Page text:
Have you ever had one of those moments where as a parent you just hang your head in shame, because your son or daughter showed more responsibility you? Yeah, I had that happen to me just this weekend.
My son got his Xbox360 a few years ago, and instantly wanted to take advantage of the console’s ability to play games online with his friends. In order to make that happen, we had to purchase an Xbox Live membership. We gave him a year’s subscription as a birthday present, and to pay for it we attached our checking account to the membership. Each year when the membership was about to expire, we would either give him another year’s subscription for a present, or he’d give us the money to pay for it.
As his interest in PC gaming has grown, his use of his Xbox has diminished to almost nothing. I happened to ask him recently if he was going to keep his Xbox Live membership, to which he rolled his eyes and managed to sputter a, “No way. Why would I pay for Xbox Live when I can play with my friends for free on my PC?”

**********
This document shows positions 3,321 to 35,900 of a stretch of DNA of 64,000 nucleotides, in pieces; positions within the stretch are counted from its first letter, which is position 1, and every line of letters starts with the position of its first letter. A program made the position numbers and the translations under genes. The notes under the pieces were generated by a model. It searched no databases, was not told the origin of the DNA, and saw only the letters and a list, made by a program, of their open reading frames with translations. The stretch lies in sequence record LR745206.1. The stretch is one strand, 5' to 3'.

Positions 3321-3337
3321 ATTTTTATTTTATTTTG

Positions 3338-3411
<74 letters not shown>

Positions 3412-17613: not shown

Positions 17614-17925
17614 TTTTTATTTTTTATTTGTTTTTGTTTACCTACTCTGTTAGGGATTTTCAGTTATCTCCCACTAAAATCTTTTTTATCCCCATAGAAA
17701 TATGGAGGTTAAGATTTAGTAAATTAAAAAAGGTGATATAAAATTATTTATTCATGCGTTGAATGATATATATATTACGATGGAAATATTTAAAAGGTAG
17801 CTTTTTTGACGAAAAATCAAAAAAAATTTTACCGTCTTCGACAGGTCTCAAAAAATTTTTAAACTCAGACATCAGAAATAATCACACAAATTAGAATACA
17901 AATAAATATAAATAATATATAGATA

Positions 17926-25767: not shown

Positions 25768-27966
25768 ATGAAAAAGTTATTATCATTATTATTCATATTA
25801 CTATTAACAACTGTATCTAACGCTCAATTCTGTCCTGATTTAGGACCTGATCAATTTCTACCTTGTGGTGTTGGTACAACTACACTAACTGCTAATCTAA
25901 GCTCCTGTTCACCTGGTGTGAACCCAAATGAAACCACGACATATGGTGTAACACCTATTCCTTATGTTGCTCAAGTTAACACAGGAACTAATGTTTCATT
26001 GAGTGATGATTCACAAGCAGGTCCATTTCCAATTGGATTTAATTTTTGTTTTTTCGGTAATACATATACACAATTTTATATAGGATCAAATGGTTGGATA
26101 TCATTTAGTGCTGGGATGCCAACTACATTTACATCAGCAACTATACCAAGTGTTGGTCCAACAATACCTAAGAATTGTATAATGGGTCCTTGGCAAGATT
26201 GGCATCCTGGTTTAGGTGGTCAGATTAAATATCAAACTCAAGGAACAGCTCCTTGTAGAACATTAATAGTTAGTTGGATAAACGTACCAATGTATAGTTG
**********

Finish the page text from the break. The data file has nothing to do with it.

Certainly sounded like a good course of action to me.
I mentioned that we should figure out when his membership was up, and ensure that we set it to not auto renew. Otherwise we’d automatically get charged the $60 for the yearly membership. He said he’d check and let me know. Given he’s a teenager and being responsible isn’t always in his skill set, I wrote “Xbox Live” on my list of things to do so that I’d remember to look into it.
Unfortunately, I never got to looking into it, of which I was reminded of when I saw an email from Microsoft in my inbox. I instantly knew I had forgotten to cancel the membership, or set it to not auto renew. I assumed the email was telling me that my account had been charged for a year’s membership that my son would not use.
I then noticed the subject line said, “Confirmation of cancellation of Gold – 12 Month.”
I had forgotten to change the settings of the membership, but my son had not. Had the membership renewed, it would have been MY fault, not his. It would have been MY money wasted, not his. After all, he had told me no longer wanted the membership.
He had looked into it, just as he said he would, and saved his forgetful father $60.
Have you ever had an experience where a kid showed more financial responsibility than you?